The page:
for a fuller discussion of Dretske’s views) I am failing to see how contentless covariance + contentless indication helps the representationalist cause here. Finally, the above quote from Dretske has him gesturing at a content that is other and weaker than propositional content. So what’s that supposed to be? Perhaps a non-standard content with different kinds of satisfaction conditions other than truth? Or it is just covaration and hence contentless (no take backs).

  15. Here’s a blast from the past – from my 1999 book. One reason we did not get into all this fine detail about Dretske on digitalisation and learning is that is not clear how it could help solve the fundamental issues about content and where it comes into the story that we were discussing. “Before I critically assess Dretske’s teleofunctional proposal, it is important to highlight another distinction he draws between analogue and digital forms of information. He writes:

    …a signal (structure, event, state) carries the information that s is F in digital form if and only if the signal carries no additional information about s, no information that is not already nested in s’s being F. If the signal does carry additional information about s, information that is not nested in s’s being F, then I shall say that the signal carries this information in analog form (Dretske 1981: 137).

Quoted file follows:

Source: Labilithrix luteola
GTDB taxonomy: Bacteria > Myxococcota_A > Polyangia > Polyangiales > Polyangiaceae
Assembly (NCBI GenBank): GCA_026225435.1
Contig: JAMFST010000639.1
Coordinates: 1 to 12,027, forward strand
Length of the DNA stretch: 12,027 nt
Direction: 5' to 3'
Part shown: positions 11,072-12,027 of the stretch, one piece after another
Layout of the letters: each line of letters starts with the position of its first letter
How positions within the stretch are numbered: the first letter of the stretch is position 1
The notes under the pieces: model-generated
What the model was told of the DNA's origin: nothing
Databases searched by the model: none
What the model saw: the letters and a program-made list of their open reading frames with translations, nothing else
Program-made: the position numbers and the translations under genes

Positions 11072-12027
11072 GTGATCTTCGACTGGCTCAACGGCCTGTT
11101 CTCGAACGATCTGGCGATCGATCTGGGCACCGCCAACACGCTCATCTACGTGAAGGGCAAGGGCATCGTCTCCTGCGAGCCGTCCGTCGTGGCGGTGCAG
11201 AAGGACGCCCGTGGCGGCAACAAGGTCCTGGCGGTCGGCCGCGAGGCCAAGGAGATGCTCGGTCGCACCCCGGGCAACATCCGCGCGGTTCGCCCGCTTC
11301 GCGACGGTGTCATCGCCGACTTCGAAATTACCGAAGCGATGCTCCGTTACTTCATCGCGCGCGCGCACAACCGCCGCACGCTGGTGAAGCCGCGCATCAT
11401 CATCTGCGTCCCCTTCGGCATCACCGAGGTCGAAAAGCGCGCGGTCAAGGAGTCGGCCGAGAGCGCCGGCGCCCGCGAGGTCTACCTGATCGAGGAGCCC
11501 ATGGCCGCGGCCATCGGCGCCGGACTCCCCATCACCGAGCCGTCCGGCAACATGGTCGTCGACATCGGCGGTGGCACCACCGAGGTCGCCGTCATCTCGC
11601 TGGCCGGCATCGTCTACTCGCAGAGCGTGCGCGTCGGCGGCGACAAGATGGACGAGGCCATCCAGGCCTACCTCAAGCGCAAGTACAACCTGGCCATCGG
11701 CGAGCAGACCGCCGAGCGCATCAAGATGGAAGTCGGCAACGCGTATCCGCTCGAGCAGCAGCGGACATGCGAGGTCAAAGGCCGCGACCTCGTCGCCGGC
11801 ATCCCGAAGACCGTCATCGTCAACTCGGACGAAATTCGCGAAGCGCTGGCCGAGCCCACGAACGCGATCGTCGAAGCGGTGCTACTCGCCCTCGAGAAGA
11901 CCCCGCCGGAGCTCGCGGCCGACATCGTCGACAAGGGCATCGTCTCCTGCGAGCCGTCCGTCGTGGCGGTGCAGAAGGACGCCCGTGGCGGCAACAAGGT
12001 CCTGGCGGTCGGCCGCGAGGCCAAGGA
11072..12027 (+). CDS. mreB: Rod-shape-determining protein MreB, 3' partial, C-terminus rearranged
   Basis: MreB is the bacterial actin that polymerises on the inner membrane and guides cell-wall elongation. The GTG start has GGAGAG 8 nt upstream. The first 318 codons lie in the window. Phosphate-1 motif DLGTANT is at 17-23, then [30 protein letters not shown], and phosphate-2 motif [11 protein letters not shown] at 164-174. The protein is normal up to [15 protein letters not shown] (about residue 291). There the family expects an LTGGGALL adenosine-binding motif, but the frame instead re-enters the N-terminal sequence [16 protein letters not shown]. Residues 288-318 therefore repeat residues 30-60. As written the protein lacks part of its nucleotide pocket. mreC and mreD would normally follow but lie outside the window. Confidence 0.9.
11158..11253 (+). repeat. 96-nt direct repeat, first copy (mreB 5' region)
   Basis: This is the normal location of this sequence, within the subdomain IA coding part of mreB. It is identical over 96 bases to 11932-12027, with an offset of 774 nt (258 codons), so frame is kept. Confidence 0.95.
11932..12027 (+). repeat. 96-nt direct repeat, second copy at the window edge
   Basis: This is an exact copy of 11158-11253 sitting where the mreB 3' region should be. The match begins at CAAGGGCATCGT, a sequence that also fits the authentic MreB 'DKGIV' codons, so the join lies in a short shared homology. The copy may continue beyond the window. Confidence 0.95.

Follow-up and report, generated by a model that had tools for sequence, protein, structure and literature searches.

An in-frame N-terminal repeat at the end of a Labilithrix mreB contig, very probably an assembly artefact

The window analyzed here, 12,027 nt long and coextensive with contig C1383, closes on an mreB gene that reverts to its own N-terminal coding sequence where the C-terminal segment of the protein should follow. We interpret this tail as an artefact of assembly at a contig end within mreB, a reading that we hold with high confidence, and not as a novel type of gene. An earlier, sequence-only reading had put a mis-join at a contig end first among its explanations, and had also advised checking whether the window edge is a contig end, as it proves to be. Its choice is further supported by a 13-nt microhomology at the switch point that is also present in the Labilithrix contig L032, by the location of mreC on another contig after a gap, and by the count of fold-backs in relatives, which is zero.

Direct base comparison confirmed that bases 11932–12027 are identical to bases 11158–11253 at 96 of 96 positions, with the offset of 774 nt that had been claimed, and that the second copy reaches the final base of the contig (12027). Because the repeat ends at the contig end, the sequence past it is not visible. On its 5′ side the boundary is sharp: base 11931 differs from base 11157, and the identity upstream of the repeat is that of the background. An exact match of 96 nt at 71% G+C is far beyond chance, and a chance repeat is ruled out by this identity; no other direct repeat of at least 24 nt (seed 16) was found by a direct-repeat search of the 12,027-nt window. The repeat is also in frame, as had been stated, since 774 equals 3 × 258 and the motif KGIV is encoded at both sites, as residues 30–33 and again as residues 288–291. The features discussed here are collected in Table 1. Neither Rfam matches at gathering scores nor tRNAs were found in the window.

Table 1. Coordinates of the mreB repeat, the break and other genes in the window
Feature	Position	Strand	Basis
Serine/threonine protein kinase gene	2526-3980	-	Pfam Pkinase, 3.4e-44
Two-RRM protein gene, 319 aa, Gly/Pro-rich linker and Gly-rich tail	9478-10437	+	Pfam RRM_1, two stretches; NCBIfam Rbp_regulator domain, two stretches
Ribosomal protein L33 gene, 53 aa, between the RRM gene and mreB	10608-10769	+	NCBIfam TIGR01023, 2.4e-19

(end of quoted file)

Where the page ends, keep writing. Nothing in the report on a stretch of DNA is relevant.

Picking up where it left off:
This distinction is necessary if we are to understand a signal’s property-specific character which enables it to serve a unique purpose in a control mechanism. Information in analogue form is unsuitable to serve a control function because it is too diffuse. For example, it is because sensory information is received in analogue form that Dretske claims that, “Typically, the sensory systems overload the information-handling capacity of our cognitive mechanisms so that not all that is given to us in perception can be digested” (Dretske 1981: 148). Consequently, “Until information is lost … an information-processing system….has failed to classify or categorise, failed to generalise, failed to recognise the input as being an instance (token) of a more general type” (Dretske 1981: 141, cf. Jacob 1997: 71). The process by which information is lost and through which a signal’s information is selected or specified, is known as digitalisation.”